So the question to be answered is: Why don’t people wear helmets to surf? We wear them when we cycle ,ski and windsurf, so it would seem sensible to wear a helmet while surfing to protect the head from injury. After reading a few surfing blogs, it seems the most common causes of head injuries are the surfboard nose and fins. As one surfer commented:
“It’s not the fall that’s gonna hurt you, it’s your board. Or somebody else’s. And it only takes a light hit with a hunk of fiberglass to split your head or face wide open. I’ve seen it happen and it’s happened to me. And I’m not even talking about what can happen if you get hit by a fin. That can get really ugly.”
The other barrier appears to be maintaining the surfie image and surfers have said that wearing a helmet would make them look like a “dweeb or a kook”.
There are solutions to this problem. One small project from the Margaret River region of Western Australia saw the town’s Youth Advisory Committee get together with the local Council and a couple of pro surfers to make a short film on the dangers of surfing. The film called Skeg Byte (a skeg is a fin) highlights the importance of wearing protective gear when surfing including the use of helmets. A fabulous initiative from a regional town well known for its great surf and wines!
Another advocate, George Greenough, a surfing filmmaker and surfboard inventor from Byron Bay, has campaigned to take the sharp edges off surfboards to reduce the risk of a penetrating injury. There are also modifications that can be made to the boards themselves – such as soft rubber tips that can be attached onto the tip or tail of shortboards or flexible fins made of softer material, such as urethane rubber.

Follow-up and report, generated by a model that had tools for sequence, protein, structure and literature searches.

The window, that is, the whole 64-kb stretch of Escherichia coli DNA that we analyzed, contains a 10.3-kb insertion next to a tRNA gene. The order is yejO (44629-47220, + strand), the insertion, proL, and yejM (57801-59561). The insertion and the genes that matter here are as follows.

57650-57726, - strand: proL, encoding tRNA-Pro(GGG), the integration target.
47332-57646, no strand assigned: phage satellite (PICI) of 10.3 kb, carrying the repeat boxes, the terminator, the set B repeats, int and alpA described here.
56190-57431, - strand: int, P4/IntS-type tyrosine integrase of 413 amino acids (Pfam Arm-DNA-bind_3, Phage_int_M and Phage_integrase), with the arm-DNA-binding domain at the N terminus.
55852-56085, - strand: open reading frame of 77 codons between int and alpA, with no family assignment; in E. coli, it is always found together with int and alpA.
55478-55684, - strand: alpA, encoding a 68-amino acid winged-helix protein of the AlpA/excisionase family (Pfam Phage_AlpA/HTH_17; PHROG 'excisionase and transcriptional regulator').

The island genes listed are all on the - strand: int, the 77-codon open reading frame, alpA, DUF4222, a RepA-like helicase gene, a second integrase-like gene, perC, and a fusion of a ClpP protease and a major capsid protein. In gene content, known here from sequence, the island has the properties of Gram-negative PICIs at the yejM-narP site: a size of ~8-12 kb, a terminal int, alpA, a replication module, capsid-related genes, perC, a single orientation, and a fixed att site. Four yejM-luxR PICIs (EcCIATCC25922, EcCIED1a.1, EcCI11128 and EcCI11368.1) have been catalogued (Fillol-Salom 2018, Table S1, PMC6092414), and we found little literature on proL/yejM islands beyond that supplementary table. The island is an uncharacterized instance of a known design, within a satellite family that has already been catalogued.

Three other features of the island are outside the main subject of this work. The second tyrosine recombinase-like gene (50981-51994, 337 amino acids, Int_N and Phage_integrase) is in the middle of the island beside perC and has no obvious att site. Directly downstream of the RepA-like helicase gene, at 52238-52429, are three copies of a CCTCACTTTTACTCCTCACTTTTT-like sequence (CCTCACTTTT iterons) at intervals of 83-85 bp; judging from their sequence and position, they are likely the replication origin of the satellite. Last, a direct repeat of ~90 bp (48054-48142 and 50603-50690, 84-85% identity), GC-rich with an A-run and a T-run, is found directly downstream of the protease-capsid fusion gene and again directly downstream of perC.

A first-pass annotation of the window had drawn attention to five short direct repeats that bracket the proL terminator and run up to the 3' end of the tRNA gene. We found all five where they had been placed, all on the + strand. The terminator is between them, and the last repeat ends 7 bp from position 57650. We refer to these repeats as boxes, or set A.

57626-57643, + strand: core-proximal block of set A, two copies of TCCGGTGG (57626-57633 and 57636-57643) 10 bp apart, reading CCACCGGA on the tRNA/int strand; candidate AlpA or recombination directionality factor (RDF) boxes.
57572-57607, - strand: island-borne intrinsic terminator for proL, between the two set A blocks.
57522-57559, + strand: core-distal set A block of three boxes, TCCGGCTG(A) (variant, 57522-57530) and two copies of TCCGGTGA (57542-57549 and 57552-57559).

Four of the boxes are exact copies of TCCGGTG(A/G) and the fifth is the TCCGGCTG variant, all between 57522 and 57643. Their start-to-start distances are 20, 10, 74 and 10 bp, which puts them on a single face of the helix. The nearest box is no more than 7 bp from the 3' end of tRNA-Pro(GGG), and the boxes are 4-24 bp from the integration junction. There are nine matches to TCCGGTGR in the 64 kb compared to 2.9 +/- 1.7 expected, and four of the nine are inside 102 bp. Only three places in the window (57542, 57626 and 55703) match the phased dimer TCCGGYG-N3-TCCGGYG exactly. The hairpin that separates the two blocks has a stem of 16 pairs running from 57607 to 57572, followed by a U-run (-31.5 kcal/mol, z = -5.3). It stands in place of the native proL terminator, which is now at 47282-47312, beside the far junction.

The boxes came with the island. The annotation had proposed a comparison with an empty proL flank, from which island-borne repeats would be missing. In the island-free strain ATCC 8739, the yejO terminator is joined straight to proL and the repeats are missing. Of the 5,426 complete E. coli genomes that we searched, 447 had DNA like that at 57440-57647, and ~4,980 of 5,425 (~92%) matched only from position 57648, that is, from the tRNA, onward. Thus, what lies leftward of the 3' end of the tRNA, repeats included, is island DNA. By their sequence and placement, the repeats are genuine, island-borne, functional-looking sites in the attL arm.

In relation to personal protective gear, protective eyewear and helmets especially designed for water sports are available. The helmets are light and allow water to flow easily into and out, via plentiful holes but they do take some getting used to. Some Gath helmets also provide a retractable, shatterproof visor for eye and face protection.
The authors of the study have stated that at present there are no government regulations or recommendations about surfboard design or wearing protective eyewear or headgear while surfing. Yet it seems there are quite a few possible solutions. Surfing will continue to be a sport enjoyed by many but with the increase in serious injuries including those to the eye, surfers and the industry seem to be hesitant to use or actively promote protective equipment. Maybe it’s time we get more serious about promoting such safety measures to the surfing community in order to help prevent orbital and ocular injury.
I’m off for a surf now – with my helmet!
Article: Juliette Howden, Jenny Danks, Peter McCluskey, Mark Gillett, RafGhabrial. Surfboard-related eye injuries in New South Wales: a 1-year prospective study. Medical Journal of Australia 2014 November 3, 201 (9): 532-4
The Public Health Advocacy Institute WA (PHAIWA) JournalWatch service reviews 10 key public health journals on a monthly basis, providing a précis of articles that highlight key public health and advocacy related findings, with an emphasis on findings that can be readily translated into policy or practice.